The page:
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Early response to ranibizumab predictive of functional outcome after dexamethasone for unresponsive diabetic macular oedema
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  • Published on:
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    • Maria Vittoria Cicinelli, Ophthalmologist San Raffaele Scientific Institute
    • Other Contributors:
      • Francesco Bandello, Opthalmologist
      • Giuseppe Querques, opththalmologist

    We warmly thank Calugaru D and associates for their correspondence regarding our article entitled " Early response to ranibizumab predictive of functional outcome after dexamethasone for unresponsive diabetic macular oedema".1
    We agree with them about some of the challenges concerning our study. As we have acknowledged in the limitation section of our article, our study is limited by several biases, as its design was retrospective. In particular, patients selection and follow-up represented some of the major flaws in our study. We collected data about patients switched to dexamethasone for different reasons; some patients were treatment-naïve, other had already undergone treatments for diabetic macular edema (DME). No one disclosed any feature of chronic long-standing DME; all of them received prompt therapy after DME diagnosis.
    Some of them showed a good response to ranibizumab loading-dose, with satisfying reduction of macular thickness after the injections. Nevertheless, no patient disclosed a completely dry macula after the anti-vascular endothelial growth factor (VEGF) loading-dose.
    As far as it regards the final functional and anatomical gain at the end of the follow-up, the Authors state that the outcomes of this series were unsatisfactory. However, in the non-responders group, despite initial poor results, the best-corrected visual acuity (BCVA) had improved significantly (p<0.05) and clinically (> 5 letters), as highlighted in the...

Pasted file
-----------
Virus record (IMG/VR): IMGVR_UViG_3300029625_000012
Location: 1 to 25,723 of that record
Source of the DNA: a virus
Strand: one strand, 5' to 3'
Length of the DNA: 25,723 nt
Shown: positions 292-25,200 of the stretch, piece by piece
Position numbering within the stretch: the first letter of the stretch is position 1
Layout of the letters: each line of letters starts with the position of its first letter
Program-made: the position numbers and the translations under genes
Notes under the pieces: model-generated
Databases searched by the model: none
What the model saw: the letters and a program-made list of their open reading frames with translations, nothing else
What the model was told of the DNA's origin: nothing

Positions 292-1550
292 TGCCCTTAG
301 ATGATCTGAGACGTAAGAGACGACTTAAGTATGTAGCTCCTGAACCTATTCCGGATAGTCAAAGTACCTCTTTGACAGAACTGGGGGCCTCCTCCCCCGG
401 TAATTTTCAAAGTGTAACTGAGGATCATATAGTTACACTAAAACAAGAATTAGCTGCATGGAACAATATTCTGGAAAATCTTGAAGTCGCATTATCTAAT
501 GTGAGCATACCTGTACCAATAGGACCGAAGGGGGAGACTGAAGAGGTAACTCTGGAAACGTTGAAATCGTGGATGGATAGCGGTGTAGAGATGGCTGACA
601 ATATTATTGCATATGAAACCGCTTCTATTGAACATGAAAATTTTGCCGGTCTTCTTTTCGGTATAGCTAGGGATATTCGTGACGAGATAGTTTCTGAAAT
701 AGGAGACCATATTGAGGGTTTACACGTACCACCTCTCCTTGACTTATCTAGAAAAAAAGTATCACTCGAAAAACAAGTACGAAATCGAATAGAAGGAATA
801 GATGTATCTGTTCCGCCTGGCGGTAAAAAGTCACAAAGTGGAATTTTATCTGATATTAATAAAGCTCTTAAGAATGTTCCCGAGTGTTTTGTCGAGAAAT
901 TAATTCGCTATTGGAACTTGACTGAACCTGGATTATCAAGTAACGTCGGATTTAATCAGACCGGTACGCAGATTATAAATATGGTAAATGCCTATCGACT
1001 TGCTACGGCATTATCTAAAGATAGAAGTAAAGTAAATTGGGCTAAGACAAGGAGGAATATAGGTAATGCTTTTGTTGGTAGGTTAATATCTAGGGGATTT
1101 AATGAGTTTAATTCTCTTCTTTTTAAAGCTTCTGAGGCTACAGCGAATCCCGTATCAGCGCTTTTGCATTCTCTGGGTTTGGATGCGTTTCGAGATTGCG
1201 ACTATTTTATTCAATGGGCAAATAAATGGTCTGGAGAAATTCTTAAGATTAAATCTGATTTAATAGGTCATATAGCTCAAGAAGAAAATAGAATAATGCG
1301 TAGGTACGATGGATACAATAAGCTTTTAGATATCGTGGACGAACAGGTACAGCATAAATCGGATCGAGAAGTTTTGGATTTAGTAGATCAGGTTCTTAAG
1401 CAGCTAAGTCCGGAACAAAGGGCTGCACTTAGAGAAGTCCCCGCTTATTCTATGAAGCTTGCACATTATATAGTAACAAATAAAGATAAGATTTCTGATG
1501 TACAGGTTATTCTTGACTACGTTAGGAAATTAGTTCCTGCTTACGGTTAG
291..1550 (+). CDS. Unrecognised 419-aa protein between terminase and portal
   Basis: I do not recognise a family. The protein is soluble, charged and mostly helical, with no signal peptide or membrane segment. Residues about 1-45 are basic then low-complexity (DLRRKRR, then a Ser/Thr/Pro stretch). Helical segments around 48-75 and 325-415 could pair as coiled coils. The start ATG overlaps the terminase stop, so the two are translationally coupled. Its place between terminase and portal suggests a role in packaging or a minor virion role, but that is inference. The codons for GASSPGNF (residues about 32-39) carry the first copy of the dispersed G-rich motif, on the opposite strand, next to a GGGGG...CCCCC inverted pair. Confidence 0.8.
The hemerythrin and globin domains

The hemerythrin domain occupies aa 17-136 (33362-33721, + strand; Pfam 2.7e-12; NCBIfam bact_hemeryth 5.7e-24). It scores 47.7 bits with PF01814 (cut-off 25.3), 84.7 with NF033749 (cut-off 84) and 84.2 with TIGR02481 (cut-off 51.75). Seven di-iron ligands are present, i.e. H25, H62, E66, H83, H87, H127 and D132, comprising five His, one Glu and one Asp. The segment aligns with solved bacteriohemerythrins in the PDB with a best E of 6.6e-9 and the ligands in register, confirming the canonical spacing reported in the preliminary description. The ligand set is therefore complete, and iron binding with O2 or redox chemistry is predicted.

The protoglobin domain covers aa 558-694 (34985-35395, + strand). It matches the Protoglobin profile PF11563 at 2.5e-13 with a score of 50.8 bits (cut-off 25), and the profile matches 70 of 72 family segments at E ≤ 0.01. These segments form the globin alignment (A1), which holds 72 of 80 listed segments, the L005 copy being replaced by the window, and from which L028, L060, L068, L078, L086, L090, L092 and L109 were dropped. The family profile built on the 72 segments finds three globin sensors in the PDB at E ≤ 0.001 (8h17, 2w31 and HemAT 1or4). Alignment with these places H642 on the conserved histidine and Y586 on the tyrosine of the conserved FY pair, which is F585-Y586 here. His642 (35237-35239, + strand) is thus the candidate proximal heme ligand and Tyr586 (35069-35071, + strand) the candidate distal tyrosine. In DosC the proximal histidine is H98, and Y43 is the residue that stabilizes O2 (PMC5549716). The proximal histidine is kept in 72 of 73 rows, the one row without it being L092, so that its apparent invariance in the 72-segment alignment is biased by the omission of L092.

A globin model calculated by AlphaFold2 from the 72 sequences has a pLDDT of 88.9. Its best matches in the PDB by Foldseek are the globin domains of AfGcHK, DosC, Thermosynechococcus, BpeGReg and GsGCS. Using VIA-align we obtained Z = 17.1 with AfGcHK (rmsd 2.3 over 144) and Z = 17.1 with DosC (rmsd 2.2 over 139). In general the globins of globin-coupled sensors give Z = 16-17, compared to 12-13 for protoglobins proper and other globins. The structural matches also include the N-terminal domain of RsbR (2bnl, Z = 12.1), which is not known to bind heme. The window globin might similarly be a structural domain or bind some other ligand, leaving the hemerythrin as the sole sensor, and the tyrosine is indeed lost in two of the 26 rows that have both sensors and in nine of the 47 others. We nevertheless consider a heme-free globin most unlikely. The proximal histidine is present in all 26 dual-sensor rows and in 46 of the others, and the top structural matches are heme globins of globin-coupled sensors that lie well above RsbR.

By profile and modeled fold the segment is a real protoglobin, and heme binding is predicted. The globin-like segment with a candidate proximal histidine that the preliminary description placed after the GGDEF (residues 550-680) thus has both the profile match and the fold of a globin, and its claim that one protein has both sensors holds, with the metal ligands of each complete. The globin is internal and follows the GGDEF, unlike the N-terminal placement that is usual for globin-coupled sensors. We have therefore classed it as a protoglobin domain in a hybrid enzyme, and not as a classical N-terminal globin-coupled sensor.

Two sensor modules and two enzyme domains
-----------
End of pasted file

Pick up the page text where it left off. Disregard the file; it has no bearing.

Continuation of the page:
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    Conflict of Interest:
    None declared.
  • Published on:
    Early response to ranibizumab predictive of functional outcome after dexamethasone for unresponsive diabetic macular oedema
    • Dan CAlugaru, Ophthalologist Univ of Medicine Cluj-Napoca/Romania
    • Other Contributors:
      • Mihai CAlugaru, Professor of Ophthalmology

    Early response to ranibizumab predictive of functional outcome after dexamethasone for unresponsive diabetic macular oedema
    Dan Calugaru, Mihai Calugaru
    Department of Ophthalmology, Univ of Medicine Cluj-Napoca/Romania

    Re: Early response to ranibizumab predictive of functional outcome after dexamethasone for unresponsive diabetic macular oedema. Cicinelli et al. Br J Ophthalmol 2017; http: /dx.doi. org/ 10.1136/bjophthalmol-2017-310242.

    Dear Editor
    We would like to address several challenges that have arisen from the study by Cicinelli et al (1), which can be specifically summarized below.
    1. The study was retrospectively conducted, with a selection bias attributable to the heterogeneity of the patients included, for example, six patients were affected by the type 1 diabetes mellitus; eighteen eyes were phakic; twenty seven eyes underwent cataract extraction and intraocular lens implant; and thirteen eyes received grid macular photocoagulation for diabetic macular oedema (DME) prior to ranibizumab (RNB).
    2. After undergoing three loading-dose intravitreal injections of RNB performed at fixed 4-week intervals for the first 12 weeks, all the patients regardless of functional and anatomical characteristics, were shifted to dexamethasone implant (DEX implant 0.7 mg; Ozurdex; Allergan, Irvine, California, USA) continued at 4-month intervals until stable best-corrected visual acuity (BCVA) was reached. However, nothing was...

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    Conflict of Interest:
    None declared.